• 72°

We can all stand to learn from OU video

The Oklahoman

YOU are disgraceful.”

University of Oklahoma President David Boren summed it up pretty well Monday morning in his remarks at a protest and rally on campus following the release of a racist video involving OU students. Disgraceful, indeed.

The cellphone video was made aboard a bus that carried members of the Sigma Alpha Epsilon fraternity to a weekend event. The video, in which several young men take part in a truly vile song aimed at blacks, was released anonymously Sunday to The OU Daily, the university’s student newspaper, and quickly went viral.

The video captures many of those on the bus singing, to the tune of “If You’re Happy and You Know It.” Instead they sing, “There will never be a (N-word) in SAE,” and include a line about lynching. It reflects a mindset from the 1960s.

Reaction was swift, as it should have been.

Sunday night, the fraternity’s national office ordered the Norman chapter disbanded. (The OU Daily reported that individuals were seen exiting the fraternity house with suitcases about 11:30 p.m.) Boren on Monday said all ties between the university and the local SAE chapter had been severed. He ordered the house closed, and said members had until midnight Tuesday to move out.

In addition, an investigation was underway to see whether further sanctions could be applied to individuals who took a leadership role in the incident, Boren said. “We will look at all possible punishment and what is available under the law.”

At an early morning rally, Boren had scolded those in the video and told the hundreds who turned out that, “Real Sooners are not bigots, real Sooners are not racist.” The fraternity members who were on the bus have been labeled as such. So too have all the fraternity’s current members. Just like that, dozens of lives have been altered forever.

Meantime it would be interesting to know the genesis of this chant. Washington Post reporter Terrence McCoy noted that the fraternity had come under scrutiny on several occasions through the years, including in 2013 when the chapter of Washington University in St. Louis was suspended for allegedly photographing black students “while pledges recited rap lyrics laced with racial slurs.”

Yet this episode has cast a poor light on more than just the SAE fraternity at OU. Although Boren said “these values (reflected in the video) are not our values,” the fallout also attaches to the university and the state as a whole. Fair or not, Oklahoma is what many around the country will most remember after watching reports about this story. That’s among the many truly unfortunate aspects to this story.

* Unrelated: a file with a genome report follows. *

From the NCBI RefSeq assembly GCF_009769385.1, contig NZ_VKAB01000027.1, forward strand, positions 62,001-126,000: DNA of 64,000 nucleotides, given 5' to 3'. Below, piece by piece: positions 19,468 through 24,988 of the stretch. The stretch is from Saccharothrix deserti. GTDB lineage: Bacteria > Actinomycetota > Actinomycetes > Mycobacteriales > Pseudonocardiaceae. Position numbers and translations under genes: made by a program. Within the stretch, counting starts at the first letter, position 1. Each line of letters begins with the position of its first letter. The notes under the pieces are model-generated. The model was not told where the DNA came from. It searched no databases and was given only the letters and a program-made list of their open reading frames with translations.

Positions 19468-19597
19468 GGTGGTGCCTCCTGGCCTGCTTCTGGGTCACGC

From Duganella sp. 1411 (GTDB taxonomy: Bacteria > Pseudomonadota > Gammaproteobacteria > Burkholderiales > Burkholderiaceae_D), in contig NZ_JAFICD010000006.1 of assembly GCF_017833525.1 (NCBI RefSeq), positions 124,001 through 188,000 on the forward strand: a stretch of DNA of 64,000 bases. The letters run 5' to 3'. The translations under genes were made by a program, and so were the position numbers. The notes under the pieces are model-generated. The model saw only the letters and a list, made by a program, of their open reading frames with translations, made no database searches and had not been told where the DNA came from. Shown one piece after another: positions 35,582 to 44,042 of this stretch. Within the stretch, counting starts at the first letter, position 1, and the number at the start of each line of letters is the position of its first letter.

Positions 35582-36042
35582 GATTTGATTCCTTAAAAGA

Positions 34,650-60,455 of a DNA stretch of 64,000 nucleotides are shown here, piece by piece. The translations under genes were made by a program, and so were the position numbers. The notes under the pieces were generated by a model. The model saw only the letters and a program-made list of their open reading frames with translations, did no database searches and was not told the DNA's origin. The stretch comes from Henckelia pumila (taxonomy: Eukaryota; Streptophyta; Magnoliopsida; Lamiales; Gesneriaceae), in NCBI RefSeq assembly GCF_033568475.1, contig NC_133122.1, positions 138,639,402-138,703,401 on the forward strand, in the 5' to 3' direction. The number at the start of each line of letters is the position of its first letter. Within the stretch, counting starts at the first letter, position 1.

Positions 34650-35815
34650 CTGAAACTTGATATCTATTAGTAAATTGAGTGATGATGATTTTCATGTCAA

Boren said the best way to send a message to the campus and indeed the country is to make it clear that “there is zero tolerance for this kind of racist and bigoted behavior.” The actions taken against SAE make that clear.

As members of the fraternity pack up and move out of the house, Boren said, “I hope they think long and hard about what they’ve done. I hope they think long and hard about how words can hurt and injure other people.”

We’ll add our own: That these disgraced college students — and all of us — manage to learn from this awful event something about decency and kindness and the consequences of our actions.

Comments

News

Forest abandons lawsuit challenging Cooper executive orders

Education

Salisbury-Rowan NAACP hosts virtual town hall with superintendent

Nation/World

Crews try to tame California wildfire as heat wave arrives

Coronavirus

Nursing home outbreak first reported last week sees first COVID-19 death

Coronavirus

1,400 face masks given out at county’s drive-thru giveaway

Crime

Blotter: August 14

Business

With more than 1,500 patrons in two weeks, High Rock Lake restaurant gets off to hot start

Business

State awards $584,100 grant to Three Rivers Land Trust for farmland preservation in Cabarrus County

Crime

Teen faces laundry list of charges after string of larcenies

Crime

Salisbury man faces charges after trying to retrieve phone from police

Crime

Police: Father hospitalized after being shot in argument with son

Education

RSS teachers adapting classrooms to the pandemic

Education

Shoutouts

Coronavirus

County launches paramedic program for those recovering COVID-19

Education

Cooper directs $95.6 million for students affected by COVID-19

Education

RCCC named school on the rise

Local

Conversations get started on planning for diversity mural, street painting

Education

Rowan-Salisbury Schools welcomes new teachers

Education

Study highlights need to improve food environments around NC’s HBCUs

Coronavirus

County reports new COVID-19 death outside of nursing home

Crime

Man robbed at gunpoint at South Main Street gas station

Business

Embracing the outdoors: downtown restaurants, coffee shops work to expand outdoor seating

Local

Spencer man killed after being knocked into ditch by vehicle on Old Concord Road

Local

Activists talk tear gas ban, renaming police officers, Confederate streets during mock council meeting